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Cierra M. Hall, J. Jason McAnany; Luminance noise as a novel approach for measuring contrast sensitivity within the magnocellular and parvocellular pathways. Journal of Vision 2017;17(8):5. doi: https://doi.org/10.1167/17.8.5.
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© ARVO (1962-2015); The Authors (2016-present)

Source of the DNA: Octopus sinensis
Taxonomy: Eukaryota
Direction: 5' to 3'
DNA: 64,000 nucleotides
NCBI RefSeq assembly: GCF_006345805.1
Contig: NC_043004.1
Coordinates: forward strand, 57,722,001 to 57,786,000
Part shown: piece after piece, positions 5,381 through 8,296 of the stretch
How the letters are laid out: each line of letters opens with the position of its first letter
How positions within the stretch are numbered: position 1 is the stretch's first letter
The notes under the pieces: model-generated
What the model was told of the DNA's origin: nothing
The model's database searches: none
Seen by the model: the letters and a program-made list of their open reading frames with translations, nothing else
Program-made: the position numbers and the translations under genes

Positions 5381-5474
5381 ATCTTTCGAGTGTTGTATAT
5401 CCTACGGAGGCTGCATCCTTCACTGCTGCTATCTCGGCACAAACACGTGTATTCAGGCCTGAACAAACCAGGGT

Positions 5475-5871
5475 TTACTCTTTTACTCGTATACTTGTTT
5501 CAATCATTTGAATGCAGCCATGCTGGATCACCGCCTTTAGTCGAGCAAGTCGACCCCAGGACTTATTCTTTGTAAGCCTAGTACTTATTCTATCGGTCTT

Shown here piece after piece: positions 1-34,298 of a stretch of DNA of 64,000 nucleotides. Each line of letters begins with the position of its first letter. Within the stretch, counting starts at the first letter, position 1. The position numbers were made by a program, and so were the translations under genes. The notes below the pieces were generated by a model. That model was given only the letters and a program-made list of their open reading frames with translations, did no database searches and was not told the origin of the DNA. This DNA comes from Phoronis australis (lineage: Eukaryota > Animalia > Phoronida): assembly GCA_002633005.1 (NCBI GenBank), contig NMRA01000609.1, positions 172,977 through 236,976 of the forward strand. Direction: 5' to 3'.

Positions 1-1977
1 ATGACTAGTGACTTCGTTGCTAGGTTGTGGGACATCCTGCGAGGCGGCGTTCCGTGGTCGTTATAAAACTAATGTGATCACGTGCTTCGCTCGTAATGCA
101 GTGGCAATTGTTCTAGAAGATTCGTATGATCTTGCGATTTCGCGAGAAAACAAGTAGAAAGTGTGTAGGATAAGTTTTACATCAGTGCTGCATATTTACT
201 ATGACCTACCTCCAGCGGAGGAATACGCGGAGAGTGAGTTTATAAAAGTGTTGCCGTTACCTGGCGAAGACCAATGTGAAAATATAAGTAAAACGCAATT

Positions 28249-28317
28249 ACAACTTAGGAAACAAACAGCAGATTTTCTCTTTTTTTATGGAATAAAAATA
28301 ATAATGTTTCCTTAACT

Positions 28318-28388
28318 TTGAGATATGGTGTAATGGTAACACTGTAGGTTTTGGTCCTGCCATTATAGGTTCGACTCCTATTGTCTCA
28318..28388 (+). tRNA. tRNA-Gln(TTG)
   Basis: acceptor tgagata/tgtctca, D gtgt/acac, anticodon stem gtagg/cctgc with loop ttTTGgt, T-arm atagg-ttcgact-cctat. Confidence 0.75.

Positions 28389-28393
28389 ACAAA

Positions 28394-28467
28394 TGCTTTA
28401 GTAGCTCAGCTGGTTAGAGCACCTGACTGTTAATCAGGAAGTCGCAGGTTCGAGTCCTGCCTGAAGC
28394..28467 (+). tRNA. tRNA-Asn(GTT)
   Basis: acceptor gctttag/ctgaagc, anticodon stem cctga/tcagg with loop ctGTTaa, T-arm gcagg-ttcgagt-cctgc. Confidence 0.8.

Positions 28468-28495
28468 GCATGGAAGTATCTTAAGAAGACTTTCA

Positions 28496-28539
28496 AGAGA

This study evaluated the extent to which different types of luminance noise can be used to target selectively the inferred magnocellular (MC) and parvocellular (PC) visual pathways. Letter contrast sensitivity (CS) was measured for three visually normal subjects for letters of different size (0.8°–5.3°) under established paradigms intended to target the MC pathway (steady-pedestal paradigm) and PC pathway (pulsed-pedestal paradigm). Results obtained under these paradigms were compared to those obtained in asynchronous static noise (a field of unchanging luminance noise) and asynchronous dynamic noise (a field of randomly changing luminance noise). CS was measured for letters that were high- and low-pass filtered using a range of filter cutoffs to quantify the object frequency information (cycles per letter) mediating letter identification, which was used as an index of the pathway mediating CS. A follow-up experiment was performed to determine the range of letter duration over which MC and PC pathway CS can be targeted. Analysis of variance indicated that the object frequencies measured under the static noise and steady-pedestal paradigms did not differ significantly (p ≥ 0.065), but differed considerably from those measured under the dynamic noise (both p < 0.001) and pulsed-pedestal (both p < 0.001) paradigms. The object frequencies mediating letter identification increased as duration increased under the steady-pedestal paradigm, but were independent of target duration (50–800 ms) under the pulsed-pedestal paradigm, in static noise, and in dynamic noise. These data suggest that the spatiotemporal characteristics of noise can be manipulated to target the inferred MC (static noise) and PC (dynamic noise) pathways. The results also suggest that CS within these pathways can be measured at long stimulus durations, which has potential importance in the design of future clinical CS tests.
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